What Is The Difference Between The Old Bankruptcy Law And The New Bankruptcy Law?

30 Jan What Is The Difference Between The Old Bankruptcy Law And The New Bankruptcy Law?

The “old” bankruptcy law lives on within the new bankruptcy laws, but with major changes to how people file and some of it’s benefits. It is more cumbersome, but bankruptcy is still available to most of the individuals who would have been eligible for help under the old law.
  • It still holds true that if you make less than it takes to pay all your bills and debts, you should consider bankruptcy to help you get back on your feet.
Some legal benefits that were available under the old law are not available under the new law, but there is still plenty of help available. New and more complicated forms are required, along with more detailed documentation.

Thenew lawis supposed to encourage filingChapter 13instead ofChapter 7, even though it also took away some favorable aspects of Chapter 13.
The requirements under the new law make it harder for people who can afford to repay debts to file Chapter 7 and/or may require that more of their debt be repaid than was required under the old law.
  • But people who would consider filing bankruptcy under the old law are probably good candidates under the new law too.
There are still many benefits to filing for bankruptcy under the appropriate circumstances, as it has been for years.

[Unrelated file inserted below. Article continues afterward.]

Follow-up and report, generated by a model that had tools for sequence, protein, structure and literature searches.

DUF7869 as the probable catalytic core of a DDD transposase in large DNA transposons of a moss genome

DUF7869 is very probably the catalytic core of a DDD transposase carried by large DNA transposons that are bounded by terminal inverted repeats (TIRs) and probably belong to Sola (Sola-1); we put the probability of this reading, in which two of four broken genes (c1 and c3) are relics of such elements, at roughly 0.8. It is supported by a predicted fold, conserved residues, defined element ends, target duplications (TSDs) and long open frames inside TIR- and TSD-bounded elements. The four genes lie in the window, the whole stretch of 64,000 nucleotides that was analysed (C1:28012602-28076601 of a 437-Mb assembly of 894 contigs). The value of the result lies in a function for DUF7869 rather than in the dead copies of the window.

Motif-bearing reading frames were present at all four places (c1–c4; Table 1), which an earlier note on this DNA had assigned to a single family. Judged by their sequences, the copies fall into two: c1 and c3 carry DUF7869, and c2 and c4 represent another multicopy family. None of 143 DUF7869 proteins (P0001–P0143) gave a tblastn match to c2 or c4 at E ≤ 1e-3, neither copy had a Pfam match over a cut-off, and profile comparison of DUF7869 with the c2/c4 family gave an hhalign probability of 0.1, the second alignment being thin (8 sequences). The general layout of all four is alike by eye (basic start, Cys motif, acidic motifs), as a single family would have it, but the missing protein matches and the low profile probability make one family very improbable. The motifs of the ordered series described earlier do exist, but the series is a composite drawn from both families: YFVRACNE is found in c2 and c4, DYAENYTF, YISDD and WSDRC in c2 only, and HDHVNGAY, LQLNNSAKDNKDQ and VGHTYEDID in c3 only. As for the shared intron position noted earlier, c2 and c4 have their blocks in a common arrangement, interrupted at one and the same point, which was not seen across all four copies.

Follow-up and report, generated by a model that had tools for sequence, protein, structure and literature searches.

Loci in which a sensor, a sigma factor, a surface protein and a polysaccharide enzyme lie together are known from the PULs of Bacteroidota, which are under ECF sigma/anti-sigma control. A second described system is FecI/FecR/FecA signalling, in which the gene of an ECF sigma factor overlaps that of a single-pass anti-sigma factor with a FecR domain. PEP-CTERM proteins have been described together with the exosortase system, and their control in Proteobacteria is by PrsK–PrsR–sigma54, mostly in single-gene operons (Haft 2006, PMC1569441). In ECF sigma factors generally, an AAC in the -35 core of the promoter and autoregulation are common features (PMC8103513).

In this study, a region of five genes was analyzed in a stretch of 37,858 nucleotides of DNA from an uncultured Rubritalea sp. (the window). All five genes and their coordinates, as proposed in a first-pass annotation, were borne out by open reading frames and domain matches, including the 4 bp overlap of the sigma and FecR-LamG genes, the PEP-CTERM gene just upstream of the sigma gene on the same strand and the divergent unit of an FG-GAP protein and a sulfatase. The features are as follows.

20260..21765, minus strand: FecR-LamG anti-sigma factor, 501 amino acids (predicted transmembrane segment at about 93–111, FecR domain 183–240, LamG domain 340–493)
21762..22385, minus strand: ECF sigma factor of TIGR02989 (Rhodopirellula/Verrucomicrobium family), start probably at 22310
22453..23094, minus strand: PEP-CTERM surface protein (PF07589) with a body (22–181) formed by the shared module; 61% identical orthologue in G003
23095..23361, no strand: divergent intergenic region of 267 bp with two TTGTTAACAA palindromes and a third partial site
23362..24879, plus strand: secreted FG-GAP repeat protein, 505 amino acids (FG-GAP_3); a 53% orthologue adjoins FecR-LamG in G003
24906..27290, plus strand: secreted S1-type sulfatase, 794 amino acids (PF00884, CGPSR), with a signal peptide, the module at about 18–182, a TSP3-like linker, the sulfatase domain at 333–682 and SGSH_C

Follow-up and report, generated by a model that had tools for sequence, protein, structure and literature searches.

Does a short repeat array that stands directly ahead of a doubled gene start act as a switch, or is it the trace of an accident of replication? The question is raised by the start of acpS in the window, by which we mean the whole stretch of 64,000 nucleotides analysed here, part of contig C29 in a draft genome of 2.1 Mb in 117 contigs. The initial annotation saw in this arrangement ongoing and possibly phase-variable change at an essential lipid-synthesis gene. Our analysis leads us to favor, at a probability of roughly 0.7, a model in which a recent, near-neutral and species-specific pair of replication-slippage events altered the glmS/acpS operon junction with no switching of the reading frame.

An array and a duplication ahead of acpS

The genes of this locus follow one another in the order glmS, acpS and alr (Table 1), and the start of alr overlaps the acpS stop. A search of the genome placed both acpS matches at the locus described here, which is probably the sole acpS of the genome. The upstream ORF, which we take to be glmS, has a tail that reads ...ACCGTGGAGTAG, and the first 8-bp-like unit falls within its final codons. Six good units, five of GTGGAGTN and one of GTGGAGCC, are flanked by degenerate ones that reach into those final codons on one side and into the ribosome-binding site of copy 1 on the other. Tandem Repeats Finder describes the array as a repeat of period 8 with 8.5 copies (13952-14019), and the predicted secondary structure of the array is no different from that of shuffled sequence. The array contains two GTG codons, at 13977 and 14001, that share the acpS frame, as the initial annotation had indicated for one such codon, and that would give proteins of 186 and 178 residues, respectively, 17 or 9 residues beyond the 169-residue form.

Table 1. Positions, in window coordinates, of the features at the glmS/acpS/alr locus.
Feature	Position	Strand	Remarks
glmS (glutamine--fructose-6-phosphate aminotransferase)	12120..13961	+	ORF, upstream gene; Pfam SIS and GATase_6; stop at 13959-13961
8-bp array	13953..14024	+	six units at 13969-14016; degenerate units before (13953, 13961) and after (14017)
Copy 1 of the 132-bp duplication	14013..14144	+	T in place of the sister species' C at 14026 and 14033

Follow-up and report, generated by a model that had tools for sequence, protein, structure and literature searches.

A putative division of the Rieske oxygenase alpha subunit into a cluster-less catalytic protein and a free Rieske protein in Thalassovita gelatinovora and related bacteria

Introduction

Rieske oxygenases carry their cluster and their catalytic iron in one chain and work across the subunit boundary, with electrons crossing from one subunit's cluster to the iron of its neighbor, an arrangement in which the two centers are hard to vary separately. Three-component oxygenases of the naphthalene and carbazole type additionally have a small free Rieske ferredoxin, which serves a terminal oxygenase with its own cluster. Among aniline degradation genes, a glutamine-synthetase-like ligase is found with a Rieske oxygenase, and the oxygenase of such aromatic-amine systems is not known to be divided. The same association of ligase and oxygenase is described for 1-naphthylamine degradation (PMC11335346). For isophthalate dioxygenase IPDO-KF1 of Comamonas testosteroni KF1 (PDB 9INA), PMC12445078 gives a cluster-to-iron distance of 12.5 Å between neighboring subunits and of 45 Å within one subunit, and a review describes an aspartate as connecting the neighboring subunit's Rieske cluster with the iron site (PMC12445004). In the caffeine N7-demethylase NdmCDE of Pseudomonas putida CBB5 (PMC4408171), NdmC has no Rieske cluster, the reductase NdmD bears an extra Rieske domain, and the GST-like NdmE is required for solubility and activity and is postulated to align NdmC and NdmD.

• You can still reduce debts, pay over time and/or eliminate debts.
  • It is still a good way to stop foreclosures, repossessions and deal with various garnishments of wages.
  • You can still find protection from creditors, and help preserve assets.
If you are having difficulties repaying debts, making ends meet, catching up on a mortgage or car, facing lawsuits or collection calls, then bankruptcy might be something that could help you.
If you heard the law changed and you are afraid that you don’t qualify forfillingbankruptcy, talk to an experience lawyer as soon as possible. Help is still available, and you may be surprised to learn that how much help is available to help you.

When all is said and done, it is the similarities of the old law and the new law are what we should be concentrating on, not the differences.

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Concentrating in Consumer Bankruptcy Law since 1988; Wake Forest Law School JD 1987 Law Office of Susanne M. Robicsek since 1993, Law Clerk to Judge Rufus Reynolds, US Bankruptcy Judge for Middle District of NC; Burns Price & Arneke, PA, David Badger and Associates, PA.

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